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Standing stone 250m south west of St Helen's Church, Lundy

List Entry Summary

This monument is scheduled under the Ancient Monuments and Archaeological Areas Act 1979 as amended as it appears to the Secretary of State to be of national importance. This entry is a copy, the original is held by the Department for Culture, Media and Sport.

Name: Standing stone 250m south west of St Helen's Church, Lundy

List entry Number: 1018266

Location

The monument may lie within the boundary of more than one authority.

County: Devon

District: Torridge

District Type: District Authority

Parish:

National Park: Not applicable to this List entry.

Grade: Not applicable to this List entry.

Date first scheduled: 10-Jun-1998

Date of most recent amendment: Not applicable to this List entry.

Legacy System Information

The contents of this record have been generated from a legacy data system.

Legacy System: RSM

UID: 27624

Asset Groupings

This list entry does not comprise part of an Asset Grouping. Asset Groupings are not part of the official record but are added later for information.

List entry Description

Summary of Monument

Legacy Record - This information may be included in the List Entry Details.

Reasons for Designation

Lundy is a small, steep sided island in the Bristol Channel, 16m north of Hartland Point, north Devon. Aligned north-south, it is 6km long by 1km wide and supports a predominately moorland vegetation. The 100m high cliffs and tabular form give it a striking appearance, visible in clear weather from parts of south west England and south Wales. Lundy's remoteness and (until the 19th century construction of the Beach Road) its inaccessibility, combined with a lack of shelter and cultivable soils, has meant that it has escaped more recent occupation or development. It therefore preserves a remarkable variety of archaeological sites from early prehistory (c.8000 BC) onwards, representing evidence for habitation, fortification, farming and industry. There are also archaeological remains in the waters surrounding the island - over 150 shipwrecks are already recorded. Most of the island's archaeology is well documented from detailed survey in the 1980s and 1990s. Standing stones are prehistoric ritual or ceremonial monuments with dates ranging from the late Neolithic period to the end of the Bronze Age. They are often (as on Lundy) conspicuously sited and close to other contemporary monument classes; many, for example, are found on the edge of round cairns and barrows. Nine standing stones are recorded on Lundy, all believed to be still in their original positions and constituting an important group. Their survival in an environment virtually unchanged from prehistoric times means that they can be clearly seen in terms of the topographic setting in which they were constructed. A study of this group of stones concluded that, together, they represent evidence of a solar calender.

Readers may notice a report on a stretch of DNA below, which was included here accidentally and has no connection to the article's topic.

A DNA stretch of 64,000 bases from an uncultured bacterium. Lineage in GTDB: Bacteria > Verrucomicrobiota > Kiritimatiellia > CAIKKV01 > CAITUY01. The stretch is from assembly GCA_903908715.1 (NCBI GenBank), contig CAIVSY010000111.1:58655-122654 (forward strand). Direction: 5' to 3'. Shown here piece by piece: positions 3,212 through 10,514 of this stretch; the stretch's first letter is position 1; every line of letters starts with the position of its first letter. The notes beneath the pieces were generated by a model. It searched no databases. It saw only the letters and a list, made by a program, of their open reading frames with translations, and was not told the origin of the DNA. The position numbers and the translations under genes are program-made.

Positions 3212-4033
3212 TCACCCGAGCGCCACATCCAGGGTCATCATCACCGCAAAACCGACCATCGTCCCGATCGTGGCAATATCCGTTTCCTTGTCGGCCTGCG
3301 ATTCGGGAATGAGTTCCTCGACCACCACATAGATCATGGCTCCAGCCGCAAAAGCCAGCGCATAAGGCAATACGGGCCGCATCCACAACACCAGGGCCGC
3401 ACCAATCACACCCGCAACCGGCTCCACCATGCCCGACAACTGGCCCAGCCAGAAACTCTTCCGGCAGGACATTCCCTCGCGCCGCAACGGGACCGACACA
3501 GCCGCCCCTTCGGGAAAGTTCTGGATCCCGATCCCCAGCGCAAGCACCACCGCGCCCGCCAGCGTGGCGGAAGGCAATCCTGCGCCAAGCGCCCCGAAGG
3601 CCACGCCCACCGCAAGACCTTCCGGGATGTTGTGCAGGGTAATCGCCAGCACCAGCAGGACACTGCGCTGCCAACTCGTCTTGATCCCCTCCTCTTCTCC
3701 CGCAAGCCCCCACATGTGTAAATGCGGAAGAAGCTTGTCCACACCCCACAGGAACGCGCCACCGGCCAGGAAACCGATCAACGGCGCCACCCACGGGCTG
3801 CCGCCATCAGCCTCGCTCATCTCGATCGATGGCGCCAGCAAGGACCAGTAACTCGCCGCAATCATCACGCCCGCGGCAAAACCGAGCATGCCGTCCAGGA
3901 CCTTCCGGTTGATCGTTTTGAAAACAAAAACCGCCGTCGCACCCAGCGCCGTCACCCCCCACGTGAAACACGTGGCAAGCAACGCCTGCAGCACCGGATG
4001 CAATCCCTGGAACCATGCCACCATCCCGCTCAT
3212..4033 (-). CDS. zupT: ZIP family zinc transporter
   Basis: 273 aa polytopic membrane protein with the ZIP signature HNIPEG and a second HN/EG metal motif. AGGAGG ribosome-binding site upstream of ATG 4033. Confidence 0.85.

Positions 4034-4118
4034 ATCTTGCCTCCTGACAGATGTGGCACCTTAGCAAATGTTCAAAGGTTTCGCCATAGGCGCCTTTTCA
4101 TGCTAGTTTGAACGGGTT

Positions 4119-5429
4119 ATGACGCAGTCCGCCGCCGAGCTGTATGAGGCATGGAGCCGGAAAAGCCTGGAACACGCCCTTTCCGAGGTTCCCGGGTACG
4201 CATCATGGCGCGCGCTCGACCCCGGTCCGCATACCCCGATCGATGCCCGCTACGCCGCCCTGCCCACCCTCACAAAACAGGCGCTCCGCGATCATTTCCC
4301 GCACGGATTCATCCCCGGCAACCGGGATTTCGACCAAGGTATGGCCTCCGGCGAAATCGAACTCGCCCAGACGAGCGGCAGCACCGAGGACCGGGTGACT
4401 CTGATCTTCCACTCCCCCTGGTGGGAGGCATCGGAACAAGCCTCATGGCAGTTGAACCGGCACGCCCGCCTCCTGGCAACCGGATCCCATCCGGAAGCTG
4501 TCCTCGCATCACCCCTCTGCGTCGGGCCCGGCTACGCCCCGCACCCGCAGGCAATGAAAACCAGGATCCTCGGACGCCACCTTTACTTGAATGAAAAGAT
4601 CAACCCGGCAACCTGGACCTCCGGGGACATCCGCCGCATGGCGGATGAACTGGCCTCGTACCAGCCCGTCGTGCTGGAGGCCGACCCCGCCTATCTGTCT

The standing stone, now recumbent, which lies in the south west corner of Tent Field survives well and, despite having fallen, remains in its original location. The four stones at its base are considered to have been used as packing material. The stone and its surrounding soil will provide evidence for the construction and use of the monument, and of environmental conditions prevalent at the time.

History

Legacy Record - This information may be included in the List Entry Details.

Details

The monument includes a formerly standing stone in the south west corner of Tent Field 250m south west of St Helen's Church, Lundy. It lies where it has fallen and some of the packing stones lie beside it at the northern end. The stone lies with its head to the south and base to the north. Unlike many of the standing stones on Lundy, this one is columnar rather than slab-shaped. It measures 2.2m long and 0.6m wide on average. Given their position, the four earthfast boulders at the northern end of the fallen stone are considered to be part of the monument, representing packing stones, and as such are included in the scheduling. The standing stone is one of nine recorded on Lundy, all of which are to be found across the southern part of the island. Where the drystone wall, which runs to the west of the monument, falls within its protective margin it is excluded from the scheduling, although the ground beneath it is included.

MAP EXTRACT The site of the monument is shown on the attached map extract. It includes a 2 metre boundary around the archaeological features, considered to be essential for the monument's support and preservation.

Selected Sources

Books and journals
Farrah, R W E, The Megalithic Astronomy of Lundy, (1991), 58

National Grid Reference: SS 13645 43747

Map

Map
© Crown Copyright and database right 2017. All rights reserved. Ordnance Survey Licence number 100024900.
© British Crown and SeaZone Solutions Limited 2017. All rights reserved. Licence number 102006.006.
Use of this data is subject to Terms and Conditions.

The above map is for quick reference purposes only and may not be to scale. For a copy of the full scale map, please see the attached PDF - 1018266 .pdf

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This copy shows the entry on 22-Nov-2017 at 03:03:49.

End of official listing